Now, my critique of any of this is irrelevant at this juncture. This is not a dislike or enthusiasm of the material but just examples to point out RETRO media story telling.
Retro is not to be confused with post-apocalyptic material, such TURBO KID, MAD MAX, or THE WALKING DEAD, to name a few. These sort of media stories coincidentally or purposely have to use props, costume, or score that speak of a specific time period or provoke a certain time period because the story has no other choice. Therefore Retro, is an intentional act of the director and producers. It is an aesthetic choice that is design to distract from the story, but not define it. Retro, is not the act of a certain time period but looking off such as BLADE RUNNER or MINORITY REPORT. Retro is a presence in the film while being in a presented as a present state, such as THE LOBSTER. Finally, Retro is not in quotation, or is designed to be used in an ironic way such as THE GREASY STRANGLER (2016, dir. Jim Hoskling) which is a film set in the present but with everything around the film set in dated period way, from the characters giving tours of famous disco locations, to using phrases like “Bullshit Artist,” everything within the film is joke within a joke within a bad joke. It is dated for the sake of being funny and cool. Retro, appears but does not dictate the attitude, of the characters or the story such as WRONG. Retro creates emotion but most importantly it does not create nor demand a sense of joy or happiness from the audience the way nostalgia is supposed to.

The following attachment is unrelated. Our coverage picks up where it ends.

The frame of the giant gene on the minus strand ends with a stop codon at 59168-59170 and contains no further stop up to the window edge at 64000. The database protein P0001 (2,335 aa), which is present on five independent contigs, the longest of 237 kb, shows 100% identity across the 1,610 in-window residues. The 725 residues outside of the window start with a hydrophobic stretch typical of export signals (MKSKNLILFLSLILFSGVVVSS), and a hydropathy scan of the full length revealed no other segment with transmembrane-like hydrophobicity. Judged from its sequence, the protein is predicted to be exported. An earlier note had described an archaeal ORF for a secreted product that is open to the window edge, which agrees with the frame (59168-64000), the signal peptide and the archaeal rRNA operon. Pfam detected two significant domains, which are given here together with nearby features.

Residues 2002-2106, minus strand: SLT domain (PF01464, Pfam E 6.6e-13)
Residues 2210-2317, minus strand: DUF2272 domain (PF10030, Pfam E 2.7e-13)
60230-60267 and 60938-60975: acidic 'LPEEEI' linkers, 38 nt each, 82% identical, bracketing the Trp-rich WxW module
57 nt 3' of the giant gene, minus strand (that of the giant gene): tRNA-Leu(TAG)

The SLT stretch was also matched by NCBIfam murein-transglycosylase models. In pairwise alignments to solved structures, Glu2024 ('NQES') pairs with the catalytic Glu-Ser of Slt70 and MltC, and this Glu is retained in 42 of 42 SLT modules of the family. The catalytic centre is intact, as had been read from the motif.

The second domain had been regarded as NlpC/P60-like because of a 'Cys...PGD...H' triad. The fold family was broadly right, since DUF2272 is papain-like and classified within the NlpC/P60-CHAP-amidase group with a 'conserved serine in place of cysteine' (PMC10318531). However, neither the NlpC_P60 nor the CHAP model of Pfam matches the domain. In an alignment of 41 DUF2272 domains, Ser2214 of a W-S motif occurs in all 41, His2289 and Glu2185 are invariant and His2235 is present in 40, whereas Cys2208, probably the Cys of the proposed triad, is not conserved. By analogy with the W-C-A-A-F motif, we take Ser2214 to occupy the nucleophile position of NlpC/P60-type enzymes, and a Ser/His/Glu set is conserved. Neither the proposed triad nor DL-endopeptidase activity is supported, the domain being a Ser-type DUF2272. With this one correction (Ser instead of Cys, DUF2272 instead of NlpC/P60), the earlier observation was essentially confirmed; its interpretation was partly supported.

So Retro, in many ways falls more into the realm of Camp then say Nostalgia. However, the goal of Camp is quite different then the act of Retro. And Retro in many ways is designed to appear like Nostalgia’s cousin. Retro is an aesthetic first. Therefore Retro is similar to camp in that it defines a state of what something is and is not, were as nostalgia works on the simple premise of being there to evoke a fake reminder of what was, it works on an emotional level and the aesthetic is irrelevant to its’ act. Is Retro the next camp than for visual media story. Will we see a slew of films with a goal to have a presence in the present and fail in trying or is this an isolated period where the current aesthetics of society are just being reflected into our media?
Retro, is a unique and relevant idea, as it is creating a brand new aesthetic for visual media. It shows that a story maker can tell their story in their respected medium and not abide by certain aesthetical rules of the current time and that title card fonts, wallpaper, dialogue, can provoke reaction from the audience more than pacing, lighting, or acting can.
In conclusion, Retro is a new device, that although has been around in other fields is only now entering the world of cinema and episodic storytelling. By doing so, we are experiencing a new fleet of tactics to tell a story. And in doing so, is creating a new way for us to understand and experience story.